Tag Archives: Suicide Prevention

LGBT Suicide Hotlines Call Volume Rises After Trump Win – Resource List

LGBT Suicide Hotlines Call Volume Rises After Trump Win - Resource List

LGBT suicide prevention and help hotlines are reporting that calls to their services have spiked since Donald Trump was elected president.

Trans Hotline, a nonprofit that focuses on suicide prevention for transgender people, has received at least five times the call volume it normally gets. And the Trevor Project, the nation’s only LGBT youth-focused suicide prevention hotline, received more calls, texts, and online chats on Wednesday than it’s gotten on a single day in four years, more than double its normal daily volume.

Callers expressed fear that many of the gains in LGBT rights made under the Obama administration—like access to trans-related health care—will be lost under Trump said Gretta Martela, director of Trans Hotline.

Callers expressed fear that many of the gains in LGBT rights made under the Obama administration—like access to trans-related health care—will be lost under Trump, Martela said. Medical experts have said that access to appropriate hormones and other treatments for gender dysphoria can be essential to a transgender person’s physical and mental health. “The Republicans are looking to repeal Obamacare,” Martela said. “So a lot of people are looking at losing their health care coverage.”

Steve Mendelsohn, deputy executive director of the Trevor Project, said queer youth who contacted his hotline shared similar concerns. “Ninety-five percent of them tell us that they’re worried about the election results,” he said. “And they’re telling us that they’re feeling anxious and scared…They talk about things that came up during the election campaign. So a fear that perhaps gay marriage will be reversed. Or that conversion therapy will be promoted. Or that their insurance might be taken away.”

Nearly 30 percent of lesbian, gay, and bisexual youth have attempted suicide, according to the Centers for Disease Control and Prevention, compared with less than 7 percent of straight youth.

No matter what your age, sexual orientation, or gender identity.  PLEASE reach out if you need help or are feeling depressed.

  • Gay & Lesbian National Support: 1-888-THE-GLNH (843-4564)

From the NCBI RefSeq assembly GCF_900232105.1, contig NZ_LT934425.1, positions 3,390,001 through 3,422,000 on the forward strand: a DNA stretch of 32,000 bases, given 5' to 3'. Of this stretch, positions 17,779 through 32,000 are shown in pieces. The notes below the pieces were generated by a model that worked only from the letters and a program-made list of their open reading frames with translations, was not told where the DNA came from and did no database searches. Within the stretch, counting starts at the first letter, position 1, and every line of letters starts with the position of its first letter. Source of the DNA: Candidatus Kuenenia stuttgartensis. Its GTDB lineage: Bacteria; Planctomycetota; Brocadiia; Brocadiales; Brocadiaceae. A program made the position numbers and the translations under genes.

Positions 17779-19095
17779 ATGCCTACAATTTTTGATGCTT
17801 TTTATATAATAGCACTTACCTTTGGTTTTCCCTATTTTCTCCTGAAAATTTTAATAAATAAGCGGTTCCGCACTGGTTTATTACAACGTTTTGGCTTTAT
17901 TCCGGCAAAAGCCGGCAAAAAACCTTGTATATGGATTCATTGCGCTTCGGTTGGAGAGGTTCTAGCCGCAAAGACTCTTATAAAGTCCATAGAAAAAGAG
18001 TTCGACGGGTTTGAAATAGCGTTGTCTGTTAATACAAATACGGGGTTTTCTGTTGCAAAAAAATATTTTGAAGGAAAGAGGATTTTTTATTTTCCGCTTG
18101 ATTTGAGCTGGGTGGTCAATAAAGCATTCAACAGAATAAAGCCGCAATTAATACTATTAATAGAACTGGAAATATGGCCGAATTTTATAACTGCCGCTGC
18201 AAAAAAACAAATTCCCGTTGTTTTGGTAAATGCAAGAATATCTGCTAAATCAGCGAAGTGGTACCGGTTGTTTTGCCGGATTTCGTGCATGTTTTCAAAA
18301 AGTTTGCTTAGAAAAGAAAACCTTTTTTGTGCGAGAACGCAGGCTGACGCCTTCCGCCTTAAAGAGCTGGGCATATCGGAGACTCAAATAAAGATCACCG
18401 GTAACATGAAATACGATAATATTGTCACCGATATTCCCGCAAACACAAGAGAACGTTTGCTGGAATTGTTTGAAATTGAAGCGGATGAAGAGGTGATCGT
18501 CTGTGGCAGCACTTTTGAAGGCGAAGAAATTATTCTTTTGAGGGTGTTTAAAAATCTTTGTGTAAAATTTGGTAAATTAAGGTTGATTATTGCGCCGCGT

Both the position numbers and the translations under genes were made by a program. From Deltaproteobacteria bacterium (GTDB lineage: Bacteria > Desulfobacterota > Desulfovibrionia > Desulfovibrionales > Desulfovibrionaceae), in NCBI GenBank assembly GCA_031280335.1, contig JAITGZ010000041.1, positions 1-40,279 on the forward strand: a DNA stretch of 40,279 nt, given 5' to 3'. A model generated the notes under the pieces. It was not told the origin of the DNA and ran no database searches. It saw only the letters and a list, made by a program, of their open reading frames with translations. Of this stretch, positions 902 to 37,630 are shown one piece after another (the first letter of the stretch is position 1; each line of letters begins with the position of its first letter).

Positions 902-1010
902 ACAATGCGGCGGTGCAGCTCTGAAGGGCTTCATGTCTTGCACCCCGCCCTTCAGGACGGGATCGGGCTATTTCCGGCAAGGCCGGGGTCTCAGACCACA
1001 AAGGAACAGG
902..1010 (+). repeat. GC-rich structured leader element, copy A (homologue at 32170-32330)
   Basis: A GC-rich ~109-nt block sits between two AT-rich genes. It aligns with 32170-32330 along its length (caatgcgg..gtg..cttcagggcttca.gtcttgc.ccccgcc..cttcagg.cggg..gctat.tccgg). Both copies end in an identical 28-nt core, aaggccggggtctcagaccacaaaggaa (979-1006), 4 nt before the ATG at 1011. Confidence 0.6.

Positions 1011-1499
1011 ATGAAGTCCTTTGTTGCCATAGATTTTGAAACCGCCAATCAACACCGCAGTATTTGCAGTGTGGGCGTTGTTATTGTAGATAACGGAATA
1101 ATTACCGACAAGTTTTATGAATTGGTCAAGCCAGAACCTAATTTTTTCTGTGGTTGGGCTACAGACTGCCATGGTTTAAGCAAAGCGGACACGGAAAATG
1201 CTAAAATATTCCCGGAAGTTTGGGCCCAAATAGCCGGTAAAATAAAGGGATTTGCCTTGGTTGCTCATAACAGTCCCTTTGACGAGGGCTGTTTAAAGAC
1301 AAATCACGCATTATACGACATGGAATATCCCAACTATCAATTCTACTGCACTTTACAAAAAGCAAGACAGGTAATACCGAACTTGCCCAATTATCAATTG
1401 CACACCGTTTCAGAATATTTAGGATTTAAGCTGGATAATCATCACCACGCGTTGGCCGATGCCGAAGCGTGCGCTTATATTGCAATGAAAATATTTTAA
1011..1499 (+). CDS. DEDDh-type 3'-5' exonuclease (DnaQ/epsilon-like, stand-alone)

• Gay, Lesbian, Bisexual, and Transgender (GLBT) Youth Support Line: 1-800-850-8078
  • National Hotline for Gay, Lesbian, Bi and Transgendered Youth: 1-800-347-8336
  • PRIDE Institute for Lesbian and Gay Mental Health: 1-800-547-7433)
  • LGBT Hate Crime Hotline: 1-800-616-HATE (4283)
  • Suicide Hotline: 1-800-SUICIDE (2433)
  • National Suicide Prevention Helpline: 1-800-273-TALK (8245)
  • International Suicide Hotline List
  • The Trevor Project: 866-488-7386
  • Crisis Call Center: 1-800-273-8255
  • Depression Hotline: 1-630-482-9696
  • Suicide Crisis Line: 1-800-999-9999

CHAT ROOMS

Rutgers University To Honor Tyler Clementi’s Memory

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We must do all that we can to ensure that those that are the causalities of bullying are never forgotten. And Rutgers University is doing just that. The prestigious school is honoring the memory of bullying victim Tyler Clementi who took his life after a senseless prank was set up by his dormmates. Here’s more from HuffPostGay:

NEW BRUNSWICK, N.J. — Rutgers University is announcing a center named for the student who killed himself after his roommate used a webcam to see him kissing a man.

The university says the Tyler Clementi Center will build programs to help people transition to college. It will also offer lectures and training on social media, youth suicide, bullying and other topics.

The center is a collaboration with the Tyler Clementi Foundation, begun by the student’s parents.

The 18-year-old killed himself in September 2010, just weeks into his first year at Rutgers. His death sparked a national conversation about the treatment of young gays.

Roommate Dharun Ravi (dah-ROON’ RAH’-vee) was convicted last year of invasion of privacy, bias intimidation and other counts and served less than a month in jail. He is appealing his conviction.

Let’s hope that this new foundation helps those that have been victimized that there is hope and to not give up.

Is The Community Doing Enough To Prevent LGBT Suicides?

Is the community doing enough when LGBT are in distress? Have we done enough education and prevention to help stop horrible tragedies like Tyler Clementi and others that have committed suicide? It’s a question that is still prevalent in our community. An epidemic that over the past few years have plagued the LGBT community.